I’m passionate about the intersection of forests and human health. My work explores precision health, focusing on optimizing experiences for individuals based on personal preferences and environmental conditions. Recently, I have expanded my interest to include virtual immersive experiences, considering factors such as accessibility and extreme weather events.
In my doctoral work, I led a randomized cross-over trial with repeated measures design to assess the efficacy of guided forest bathing and self-guided forest bathing treatments in Metro Vancouver. This study holds particular relevance given British Columbia’s unique context. With the importance of its forests and the challenges of urbanization and limited green spaces, understanding how forest bathing can benefit public health is crucial. My research contributes valuable insights into leveraging and supporting natural environments for well-being in a rapidly changing environment.
Virtual Therapeutic Landscapes (Forest Bathing App)
Inspired by the Japanese practice of shinrin-yoku, this project serves as a technological extension of a clinical trial conducted in Vancouver parks. We recognized that certain participants couldn’t engage in in-person forest bathing due to mobility challenges, transportation issues, or health concerns.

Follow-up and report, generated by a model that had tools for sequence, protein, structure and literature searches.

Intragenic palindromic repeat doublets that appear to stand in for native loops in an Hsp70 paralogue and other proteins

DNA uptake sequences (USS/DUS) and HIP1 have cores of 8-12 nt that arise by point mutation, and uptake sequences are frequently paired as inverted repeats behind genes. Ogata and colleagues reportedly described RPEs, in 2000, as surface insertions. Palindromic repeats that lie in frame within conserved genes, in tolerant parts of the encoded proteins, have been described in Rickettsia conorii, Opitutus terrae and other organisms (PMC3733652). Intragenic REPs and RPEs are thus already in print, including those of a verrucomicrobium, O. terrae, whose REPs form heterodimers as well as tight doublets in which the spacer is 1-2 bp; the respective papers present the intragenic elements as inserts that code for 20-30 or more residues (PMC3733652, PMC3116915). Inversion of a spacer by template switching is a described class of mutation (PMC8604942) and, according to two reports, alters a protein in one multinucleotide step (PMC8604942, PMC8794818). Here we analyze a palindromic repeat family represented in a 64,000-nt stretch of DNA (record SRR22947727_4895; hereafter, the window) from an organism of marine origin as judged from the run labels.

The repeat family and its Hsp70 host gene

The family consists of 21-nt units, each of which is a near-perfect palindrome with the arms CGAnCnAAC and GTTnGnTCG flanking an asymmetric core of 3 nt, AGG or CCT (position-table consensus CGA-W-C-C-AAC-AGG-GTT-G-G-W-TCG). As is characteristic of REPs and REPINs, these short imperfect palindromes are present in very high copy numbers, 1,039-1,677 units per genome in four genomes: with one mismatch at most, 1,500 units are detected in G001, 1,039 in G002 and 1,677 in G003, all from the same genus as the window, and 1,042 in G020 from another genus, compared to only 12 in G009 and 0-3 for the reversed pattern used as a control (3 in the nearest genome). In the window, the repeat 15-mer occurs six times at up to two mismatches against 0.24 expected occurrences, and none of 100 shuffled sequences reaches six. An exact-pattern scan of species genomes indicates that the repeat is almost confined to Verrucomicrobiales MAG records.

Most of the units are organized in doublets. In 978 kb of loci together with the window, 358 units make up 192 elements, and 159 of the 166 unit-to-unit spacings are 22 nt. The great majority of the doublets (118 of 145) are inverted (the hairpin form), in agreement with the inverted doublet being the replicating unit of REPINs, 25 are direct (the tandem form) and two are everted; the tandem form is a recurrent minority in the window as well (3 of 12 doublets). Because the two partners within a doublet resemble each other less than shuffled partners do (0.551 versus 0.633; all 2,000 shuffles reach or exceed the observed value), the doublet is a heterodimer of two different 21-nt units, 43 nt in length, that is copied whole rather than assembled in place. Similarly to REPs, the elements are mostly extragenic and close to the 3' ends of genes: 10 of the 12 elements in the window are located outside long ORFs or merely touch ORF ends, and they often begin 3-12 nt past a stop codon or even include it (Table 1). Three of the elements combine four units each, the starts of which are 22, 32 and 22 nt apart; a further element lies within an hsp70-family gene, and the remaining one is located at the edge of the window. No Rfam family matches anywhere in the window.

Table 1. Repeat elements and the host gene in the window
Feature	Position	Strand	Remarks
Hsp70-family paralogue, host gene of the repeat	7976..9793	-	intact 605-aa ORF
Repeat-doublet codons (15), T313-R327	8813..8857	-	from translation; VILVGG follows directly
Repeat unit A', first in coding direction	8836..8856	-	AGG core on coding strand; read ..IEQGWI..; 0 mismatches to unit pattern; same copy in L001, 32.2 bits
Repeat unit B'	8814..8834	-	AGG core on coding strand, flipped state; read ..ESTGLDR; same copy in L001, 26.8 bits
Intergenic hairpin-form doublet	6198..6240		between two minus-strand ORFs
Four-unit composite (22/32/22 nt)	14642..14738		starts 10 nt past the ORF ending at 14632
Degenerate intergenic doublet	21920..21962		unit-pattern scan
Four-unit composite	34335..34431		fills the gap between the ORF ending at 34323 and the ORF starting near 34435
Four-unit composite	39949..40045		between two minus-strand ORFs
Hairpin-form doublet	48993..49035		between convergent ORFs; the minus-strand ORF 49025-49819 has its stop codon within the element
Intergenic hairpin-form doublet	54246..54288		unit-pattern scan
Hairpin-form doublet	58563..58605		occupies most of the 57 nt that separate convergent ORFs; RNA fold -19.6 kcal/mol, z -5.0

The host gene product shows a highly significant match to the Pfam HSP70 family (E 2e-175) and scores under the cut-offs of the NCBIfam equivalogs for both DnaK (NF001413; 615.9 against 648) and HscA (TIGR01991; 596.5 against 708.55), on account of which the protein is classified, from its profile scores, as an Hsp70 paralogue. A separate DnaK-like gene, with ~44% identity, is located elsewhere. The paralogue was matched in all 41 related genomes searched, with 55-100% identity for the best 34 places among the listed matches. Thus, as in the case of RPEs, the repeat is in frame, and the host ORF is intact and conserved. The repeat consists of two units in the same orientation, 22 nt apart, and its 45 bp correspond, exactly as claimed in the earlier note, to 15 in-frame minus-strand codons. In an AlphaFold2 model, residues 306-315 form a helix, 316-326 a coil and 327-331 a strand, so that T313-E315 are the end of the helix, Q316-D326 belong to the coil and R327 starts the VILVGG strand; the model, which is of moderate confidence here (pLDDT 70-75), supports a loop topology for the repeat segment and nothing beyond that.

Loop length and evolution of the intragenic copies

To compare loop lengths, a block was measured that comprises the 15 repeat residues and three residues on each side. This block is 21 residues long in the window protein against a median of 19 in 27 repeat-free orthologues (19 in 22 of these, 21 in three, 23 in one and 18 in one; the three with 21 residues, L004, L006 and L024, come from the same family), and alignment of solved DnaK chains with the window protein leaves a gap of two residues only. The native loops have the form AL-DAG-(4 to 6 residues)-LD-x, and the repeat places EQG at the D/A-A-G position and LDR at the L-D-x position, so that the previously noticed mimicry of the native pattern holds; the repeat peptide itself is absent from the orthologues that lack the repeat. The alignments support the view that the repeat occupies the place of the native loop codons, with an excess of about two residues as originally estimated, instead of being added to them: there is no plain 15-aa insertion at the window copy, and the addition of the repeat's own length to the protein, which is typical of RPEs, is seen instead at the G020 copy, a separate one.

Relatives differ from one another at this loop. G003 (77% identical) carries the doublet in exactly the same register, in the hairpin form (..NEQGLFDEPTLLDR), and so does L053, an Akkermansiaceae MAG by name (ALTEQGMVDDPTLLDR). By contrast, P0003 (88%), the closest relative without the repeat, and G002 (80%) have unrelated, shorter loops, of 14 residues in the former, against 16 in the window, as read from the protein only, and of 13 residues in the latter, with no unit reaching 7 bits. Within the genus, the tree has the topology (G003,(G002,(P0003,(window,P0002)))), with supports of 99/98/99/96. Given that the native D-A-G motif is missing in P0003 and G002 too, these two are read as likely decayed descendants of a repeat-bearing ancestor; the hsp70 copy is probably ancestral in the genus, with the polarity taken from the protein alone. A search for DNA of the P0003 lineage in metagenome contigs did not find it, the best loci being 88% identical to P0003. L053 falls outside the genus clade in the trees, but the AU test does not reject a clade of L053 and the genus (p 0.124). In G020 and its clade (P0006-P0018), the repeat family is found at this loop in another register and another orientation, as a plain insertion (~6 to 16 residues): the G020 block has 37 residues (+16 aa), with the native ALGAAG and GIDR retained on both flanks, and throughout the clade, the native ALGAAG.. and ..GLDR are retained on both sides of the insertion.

Our goal is to pilot immersive audio-visual experiences, making forest bathing more accessible. By leveraging existing projects like the Stanley Park Geography VR Field Trip and 360 Videos tour of Vancouver, we aim to democratize the restorative benefits of forest bathing to those unable to participate in traditional settings.
Silent Trails: A Vision for Acoustically Protected Trails
Another facet of my research aims to preserve the sanctity of natural soundscapes, an often-overlooked component of well-being.
The rise in urban noise pollution negatively impacts both human mental health and natural habitats. Drawing inspiration from Taiwan’s first certified quiet park and trail, this project aims to create acoustically protected trails.
We propose transforming existing park trails into silent zones through noise reduction measures and visitor guidelines. Our ongoing monitoring and evaluation aim to understand how these quiet spaces can enhance human and wildlife well-being.